One of the major challenges in business is to ask other people to do the things that only you can do best... Of course, I'm kidding. But only about the last bit. (i.e. that the business owner can do everything better than everyone else).
It's not possible for one person to do it all - even more so as your business grows.
So it's inevitable that we need other people to help. The key issue here is how can we make sure the job is done well: Are there some guidelines to follow?
Our work at BHH brings us into contact with many business owners who face this dilemma on a weekly basis. And we think there are a few rules to try and make this delegation as painless - and even as productive - a process as possible.
First, it's very important that the business owner is clear with staff about the purpose of the business - why does it exist, what does it do for the customer, why is it different? This is essential to set expectation and to enable staff to ensure that their work conforms to this overall purpose. Have you as a business owner made this clear? Are you clear in your own mind what you are in business to do? Are your staff? It is surprising how often this is neglected.
Second, you need to be aware of the difference between "allocation" and "delegation". Asking someone to do something is allocating a task. Delegation, on the other hand, is handing over responsibility for an area of work. This means that the person who undertakes the work gets to decide how to do it themselves. It's important that the way they do this meets the overall mission and culture of the company (see point one). But they are given overall responsibility for the task.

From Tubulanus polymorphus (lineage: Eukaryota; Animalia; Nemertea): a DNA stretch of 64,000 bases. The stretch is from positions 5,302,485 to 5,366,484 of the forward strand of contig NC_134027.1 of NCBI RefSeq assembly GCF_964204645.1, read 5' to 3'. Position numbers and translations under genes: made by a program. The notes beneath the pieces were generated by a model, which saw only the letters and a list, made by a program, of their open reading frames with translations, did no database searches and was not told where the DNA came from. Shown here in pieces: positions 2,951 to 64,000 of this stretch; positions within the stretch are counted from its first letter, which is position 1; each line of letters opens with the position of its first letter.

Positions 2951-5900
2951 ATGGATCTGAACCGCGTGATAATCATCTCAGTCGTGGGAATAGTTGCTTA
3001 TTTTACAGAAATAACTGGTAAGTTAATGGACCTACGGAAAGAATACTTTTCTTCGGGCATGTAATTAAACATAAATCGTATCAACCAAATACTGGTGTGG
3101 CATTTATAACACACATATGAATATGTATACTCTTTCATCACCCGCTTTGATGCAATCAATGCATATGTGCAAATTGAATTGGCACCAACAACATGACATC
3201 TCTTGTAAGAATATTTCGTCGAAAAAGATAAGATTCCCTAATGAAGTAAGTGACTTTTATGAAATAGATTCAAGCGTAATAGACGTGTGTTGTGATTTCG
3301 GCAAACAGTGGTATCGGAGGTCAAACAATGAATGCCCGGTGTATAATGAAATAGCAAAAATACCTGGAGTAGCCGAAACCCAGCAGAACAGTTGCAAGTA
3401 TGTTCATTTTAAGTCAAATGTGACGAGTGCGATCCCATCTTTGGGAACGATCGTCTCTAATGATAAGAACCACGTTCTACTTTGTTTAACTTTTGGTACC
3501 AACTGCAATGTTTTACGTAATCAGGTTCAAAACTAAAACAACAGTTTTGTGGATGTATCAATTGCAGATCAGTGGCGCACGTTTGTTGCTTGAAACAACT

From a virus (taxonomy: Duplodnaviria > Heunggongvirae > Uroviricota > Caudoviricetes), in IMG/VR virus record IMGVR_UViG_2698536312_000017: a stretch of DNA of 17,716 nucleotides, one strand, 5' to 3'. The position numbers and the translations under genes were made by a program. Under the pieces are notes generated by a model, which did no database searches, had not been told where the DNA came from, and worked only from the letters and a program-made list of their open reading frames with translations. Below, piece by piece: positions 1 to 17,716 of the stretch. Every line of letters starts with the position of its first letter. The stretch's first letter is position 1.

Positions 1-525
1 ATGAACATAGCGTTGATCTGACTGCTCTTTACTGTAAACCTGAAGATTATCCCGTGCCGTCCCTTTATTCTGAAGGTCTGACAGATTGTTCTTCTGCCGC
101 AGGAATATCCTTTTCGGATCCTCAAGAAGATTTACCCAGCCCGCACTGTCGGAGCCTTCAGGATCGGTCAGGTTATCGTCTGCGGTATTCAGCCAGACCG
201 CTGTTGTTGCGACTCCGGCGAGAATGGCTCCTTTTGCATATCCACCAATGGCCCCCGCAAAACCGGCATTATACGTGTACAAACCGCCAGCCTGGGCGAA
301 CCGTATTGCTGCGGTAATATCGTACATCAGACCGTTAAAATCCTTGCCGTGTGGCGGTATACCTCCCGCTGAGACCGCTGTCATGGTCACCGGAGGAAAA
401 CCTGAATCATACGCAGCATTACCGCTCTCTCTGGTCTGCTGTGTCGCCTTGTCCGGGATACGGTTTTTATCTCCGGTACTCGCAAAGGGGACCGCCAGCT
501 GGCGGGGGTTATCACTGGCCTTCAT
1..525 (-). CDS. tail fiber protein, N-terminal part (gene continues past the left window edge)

Third, there needs to be a process to evaluate the results once the delegated task is complete. It is essential to sit down with staff to review the task after it is complete: To discuss how it went, perhaps even to disagree about the methods but, essentially, to decide what went well, what could be improved next time.
Fourth, delegation requires management. It is not "abdication", a process we see all too often here at BHH. It means spending time to describe the purpose of what is to be done, to set objectives for the task, to evaluate the results and to learn lessons. It takes time; and it's hard work. The pay-off comes later, not earlier, in a long term process by which staff come to be responsible for more of their own work.
So, while others can never be as good as ourselves (or so we think), we do need others. And, if we are to grow, we need them more than ever.
Therefore the art and practice of delegation is essential for the future success of any business - and the best time to start is now.